The aim of this paper is to examine the labour market impact of in-work benefit reform in the UK. Evidence is drawn from the impact of earlier reforms in the UK and similar reforms in the US. We focus on the impact on labour supply -- employment and hours of work. In the US a large proportion of the dramatic increase in participation among low educated single parents in the 1990s has been attributed to the increased generosity of the EITC. The impact of apparently similar reforms in the UK appears to have been smaller. We argue that these differences can be attributed to four factors: the impact of interactions with other means tested benefits in the UK; the importance of workless couples with children in the UK, who make up nearly 50% of the recipients in the UK; the level of income support given to non-working parents; and the strength of the economic upturn in the US during the 1990s.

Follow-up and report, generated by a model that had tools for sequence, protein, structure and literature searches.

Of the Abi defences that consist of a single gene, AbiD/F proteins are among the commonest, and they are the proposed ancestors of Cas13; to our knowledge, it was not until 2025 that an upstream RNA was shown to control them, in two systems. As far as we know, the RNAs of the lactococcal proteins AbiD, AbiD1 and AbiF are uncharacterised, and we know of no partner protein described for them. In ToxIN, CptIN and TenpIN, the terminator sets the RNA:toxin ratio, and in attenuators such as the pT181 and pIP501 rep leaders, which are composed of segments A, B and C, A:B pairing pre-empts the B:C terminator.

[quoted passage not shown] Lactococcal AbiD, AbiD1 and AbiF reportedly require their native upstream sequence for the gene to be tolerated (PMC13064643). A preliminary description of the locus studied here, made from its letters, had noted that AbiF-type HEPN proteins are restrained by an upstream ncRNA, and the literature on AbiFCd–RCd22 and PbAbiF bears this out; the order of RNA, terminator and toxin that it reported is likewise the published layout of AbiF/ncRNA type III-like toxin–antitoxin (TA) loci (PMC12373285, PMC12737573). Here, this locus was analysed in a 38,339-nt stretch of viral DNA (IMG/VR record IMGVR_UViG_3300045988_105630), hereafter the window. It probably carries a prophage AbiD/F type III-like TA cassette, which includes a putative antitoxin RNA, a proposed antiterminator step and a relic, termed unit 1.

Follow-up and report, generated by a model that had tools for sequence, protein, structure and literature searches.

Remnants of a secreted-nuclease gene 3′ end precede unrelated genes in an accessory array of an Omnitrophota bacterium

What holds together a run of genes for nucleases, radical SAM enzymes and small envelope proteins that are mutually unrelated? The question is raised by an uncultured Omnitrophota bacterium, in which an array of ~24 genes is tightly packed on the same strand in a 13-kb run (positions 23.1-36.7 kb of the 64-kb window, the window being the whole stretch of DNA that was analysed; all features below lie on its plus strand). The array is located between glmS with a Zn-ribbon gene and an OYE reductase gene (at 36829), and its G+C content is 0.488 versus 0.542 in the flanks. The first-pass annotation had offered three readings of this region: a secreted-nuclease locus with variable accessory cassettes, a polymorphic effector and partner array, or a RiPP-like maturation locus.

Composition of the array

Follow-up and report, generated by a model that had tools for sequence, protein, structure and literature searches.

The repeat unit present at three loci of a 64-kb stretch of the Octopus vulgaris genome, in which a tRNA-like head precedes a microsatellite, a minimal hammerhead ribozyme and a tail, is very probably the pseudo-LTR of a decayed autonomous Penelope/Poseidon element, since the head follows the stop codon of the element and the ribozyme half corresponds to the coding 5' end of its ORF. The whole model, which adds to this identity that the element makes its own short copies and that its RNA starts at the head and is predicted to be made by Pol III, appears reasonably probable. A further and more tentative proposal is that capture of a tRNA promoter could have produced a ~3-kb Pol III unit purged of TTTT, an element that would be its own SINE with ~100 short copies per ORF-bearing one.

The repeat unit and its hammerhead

Published as Richard Blundell, Hilary W. Hoynes. "Has 'In-Work' Benefit Reform Helped the Labor Market?," in David Card, Richard Blundell and Richard B. Freeman, editors, "Seeking a Premier Economy: The Economic Effects of British Economic Reforms, 1980-2000" University of Chicago Press (2004)